03 June 2024

Where Did the Idea of Splitting Districts in Utah Come From?

The idea of splitting school districts like Alpine School District wasn't random. Former teacher and state representative, David Cox, was serving as a stake (a stake is a collection of congregations - aka wards) clerk in The Church of Jesus Christ of Latter-day Saints in the 1990s when the growth in Lehi was just starting to take off. As clerk, his job was to divide up the congregations and change boundaries for the stake to split into two

A lot of planning and considerations went into these decisions, and not every one was happy with them. Many people complained about how their ward boundaries were being redrawn. But the Church and its leaders knew that to accommodate the growth, they needed to divide, even though this would increase some expenses (duplication of services, offices, buildings, etc).

So why does the Church divide stakes? First, because it allows for many decisions to be made closer to the people. Second, it allows more people to be involved in their local wards and stakes. Additionally, when people become a number, lost in a sea of many, they are easier to become lost. To expound on a parable of Jesus, it's one thing to leave the 99 to go after the 1. If there were hundreds of sheep in a fold, there would be a lot more lost sheep and fewer shepherds. If the Church didn't divide their large congregations and stakes, it could not handle the growth it has experienced world-wide or even in Lehi, Eagle Mountain, and Saratoga Springs.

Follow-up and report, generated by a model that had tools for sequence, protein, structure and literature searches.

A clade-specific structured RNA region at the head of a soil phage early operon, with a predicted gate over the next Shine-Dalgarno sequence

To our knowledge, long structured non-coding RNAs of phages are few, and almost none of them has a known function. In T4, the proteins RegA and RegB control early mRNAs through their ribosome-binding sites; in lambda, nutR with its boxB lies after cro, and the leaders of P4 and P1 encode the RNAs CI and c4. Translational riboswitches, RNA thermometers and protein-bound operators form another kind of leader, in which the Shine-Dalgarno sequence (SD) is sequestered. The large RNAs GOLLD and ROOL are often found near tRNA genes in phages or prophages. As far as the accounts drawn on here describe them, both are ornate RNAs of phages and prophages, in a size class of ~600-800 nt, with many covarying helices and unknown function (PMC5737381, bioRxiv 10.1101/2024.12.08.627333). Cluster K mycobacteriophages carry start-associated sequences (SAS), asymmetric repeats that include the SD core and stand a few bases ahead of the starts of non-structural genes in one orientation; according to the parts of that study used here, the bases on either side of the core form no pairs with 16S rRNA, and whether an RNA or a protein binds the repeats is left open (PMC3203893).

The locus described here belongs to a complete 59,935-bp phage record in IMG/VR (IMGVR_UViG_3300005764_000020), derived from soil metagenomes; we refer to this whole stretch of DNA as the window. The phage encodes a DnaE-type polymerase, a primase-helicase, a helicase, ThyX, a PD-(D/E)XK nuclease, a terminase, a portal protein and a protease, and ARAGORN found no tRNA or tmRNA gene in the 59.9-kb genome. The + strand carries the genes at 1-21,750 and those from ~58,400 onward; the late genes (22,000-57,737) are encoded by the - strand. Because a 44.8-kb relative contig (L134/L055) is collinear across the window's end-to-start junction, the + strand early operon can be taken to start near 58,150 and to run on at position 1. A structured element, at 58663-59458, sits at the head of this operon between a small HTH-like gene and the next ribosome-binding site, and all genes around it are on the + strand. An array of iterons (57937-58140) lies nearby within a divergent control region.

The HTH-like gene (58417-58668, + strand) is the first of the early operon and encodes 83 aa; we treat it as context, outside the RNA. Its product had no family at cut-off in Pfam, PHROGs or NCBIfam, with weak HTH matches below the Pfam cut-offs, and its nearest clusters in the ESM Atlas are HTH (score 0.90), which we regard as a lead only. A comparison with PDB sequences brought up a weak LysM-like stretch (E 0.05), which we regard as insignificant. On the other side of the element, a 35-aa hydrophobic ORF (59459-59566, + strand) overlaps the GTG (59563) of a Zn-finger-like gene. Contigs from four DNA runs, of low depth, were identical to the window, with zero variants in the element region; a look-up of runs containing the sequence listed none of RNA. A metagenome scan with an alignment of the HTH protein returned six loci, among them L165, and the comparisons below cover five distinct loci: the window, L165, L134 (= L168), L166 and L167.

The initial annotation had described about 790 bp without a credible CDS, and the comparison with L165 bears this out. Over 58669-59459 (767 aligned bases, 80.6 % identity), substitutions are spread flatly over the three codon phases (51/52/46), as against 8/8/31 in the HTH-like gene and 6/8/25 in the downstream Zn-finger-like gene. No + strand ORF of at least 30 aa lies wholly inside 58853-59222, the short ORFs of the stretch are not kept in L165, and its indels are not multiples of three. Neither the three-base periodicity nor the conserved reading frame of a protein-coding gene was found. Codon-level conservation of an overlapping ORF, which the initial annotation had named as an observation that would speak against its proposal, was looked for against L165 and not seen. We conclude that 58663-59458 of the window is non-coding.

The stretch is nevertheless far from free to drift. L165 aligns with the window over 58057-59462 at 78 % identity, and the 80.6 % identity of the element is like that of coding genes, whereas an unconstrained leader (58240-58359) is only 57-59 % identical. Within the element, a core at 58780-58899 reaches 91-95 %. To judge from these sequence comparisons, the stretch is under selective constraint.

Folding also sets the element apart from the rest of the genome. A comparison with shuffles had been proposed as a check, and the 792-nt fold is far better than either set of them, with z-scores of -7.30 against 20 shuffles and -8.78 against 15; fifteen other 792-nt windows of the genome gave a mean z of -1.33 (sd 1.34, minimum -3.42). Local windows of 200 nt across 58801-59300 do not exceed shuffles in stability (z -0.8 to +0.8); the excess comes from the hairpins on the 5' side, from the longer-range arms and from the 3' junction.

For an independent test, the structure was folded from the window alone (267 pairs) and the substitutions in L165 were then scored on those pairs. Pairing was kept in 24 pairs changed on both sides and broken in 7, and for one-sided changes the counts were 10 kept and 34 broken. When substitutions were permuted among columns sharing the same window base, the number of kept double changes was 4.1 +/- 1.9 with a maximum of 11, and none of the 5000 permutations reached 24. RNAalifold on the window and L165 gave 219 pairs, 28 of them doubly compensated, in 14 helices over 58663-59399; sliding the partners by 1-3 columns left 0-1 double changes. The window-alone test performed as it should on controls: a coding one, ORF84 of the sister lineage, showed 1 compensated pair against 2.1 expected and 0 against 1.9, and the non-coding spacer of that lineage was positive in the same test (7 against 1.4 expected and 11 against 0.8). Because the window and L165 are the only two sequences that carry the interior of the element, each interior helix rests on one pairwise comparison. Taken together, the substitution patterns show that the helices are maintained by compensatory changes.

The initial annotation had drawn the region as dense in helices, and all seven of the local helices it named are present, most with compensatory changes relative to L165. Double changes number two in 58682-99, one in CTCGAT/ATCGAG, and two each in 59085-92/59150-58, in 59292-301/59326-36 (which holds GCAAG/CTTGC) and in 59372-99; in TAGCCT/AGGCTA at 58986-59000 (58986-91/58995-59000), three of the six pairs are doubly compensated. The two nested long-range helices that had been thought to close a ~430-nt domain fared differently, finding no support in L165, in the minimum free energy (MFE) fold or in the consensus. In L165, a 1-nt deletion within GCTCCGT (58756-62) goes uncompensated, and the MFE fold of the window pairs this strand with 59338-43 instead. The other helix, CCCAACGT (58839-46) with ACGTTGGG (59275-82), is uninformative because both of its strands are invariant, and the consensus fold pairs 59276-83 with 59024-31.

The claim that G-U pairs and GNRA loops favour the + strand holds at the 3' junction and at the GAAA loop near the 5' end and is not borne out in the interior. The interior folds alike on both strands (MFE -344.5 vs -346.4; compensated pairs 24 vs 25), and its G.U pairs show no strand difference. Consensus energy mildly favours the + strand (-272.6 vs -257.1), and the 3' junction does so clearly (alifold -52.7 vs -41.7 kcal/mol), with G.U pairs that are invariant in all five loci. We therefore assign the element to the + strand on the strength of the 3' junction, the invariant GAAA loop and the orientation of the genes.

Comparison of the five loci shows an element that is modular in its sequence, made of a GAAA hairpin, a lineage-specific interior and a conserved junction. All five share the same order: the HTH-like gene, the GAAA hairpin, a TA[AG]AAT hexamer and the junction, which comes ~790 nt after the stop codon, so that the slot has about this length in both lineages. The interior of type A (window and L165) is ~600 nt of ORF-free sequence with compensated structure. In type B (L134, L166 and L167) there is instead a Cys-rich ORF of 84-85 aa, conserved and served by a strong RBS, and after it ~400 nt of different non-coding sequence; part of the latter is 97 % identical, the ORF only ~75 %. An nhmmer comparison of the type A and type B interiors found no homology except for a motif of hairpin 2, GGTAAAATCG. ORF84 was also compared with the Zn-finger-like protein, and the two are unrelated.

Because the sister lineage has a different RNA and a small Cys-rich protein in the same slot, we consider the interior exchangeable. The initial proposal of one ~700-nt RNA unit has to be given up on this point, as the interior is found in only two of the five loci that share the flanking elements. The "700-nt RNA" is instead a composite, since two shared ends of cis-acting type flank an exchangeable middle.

Recently, the Church of Jesus Christ of Latter-day Saints updated their handbook regarding creating new wards and stakes. As pointed out in a post by Matthew Watkins on X, the new recommendations align all countries and allow for smaller wards and stakes to be created in the US and Canada. There seems to be a sweet spot between too small and too big, as the numbers have increased for those outside US and Canada.

This sweet spot also exists for schools and school districts. Too large, and people become numbers. Too small, and things become difficult and very expensive to manage.

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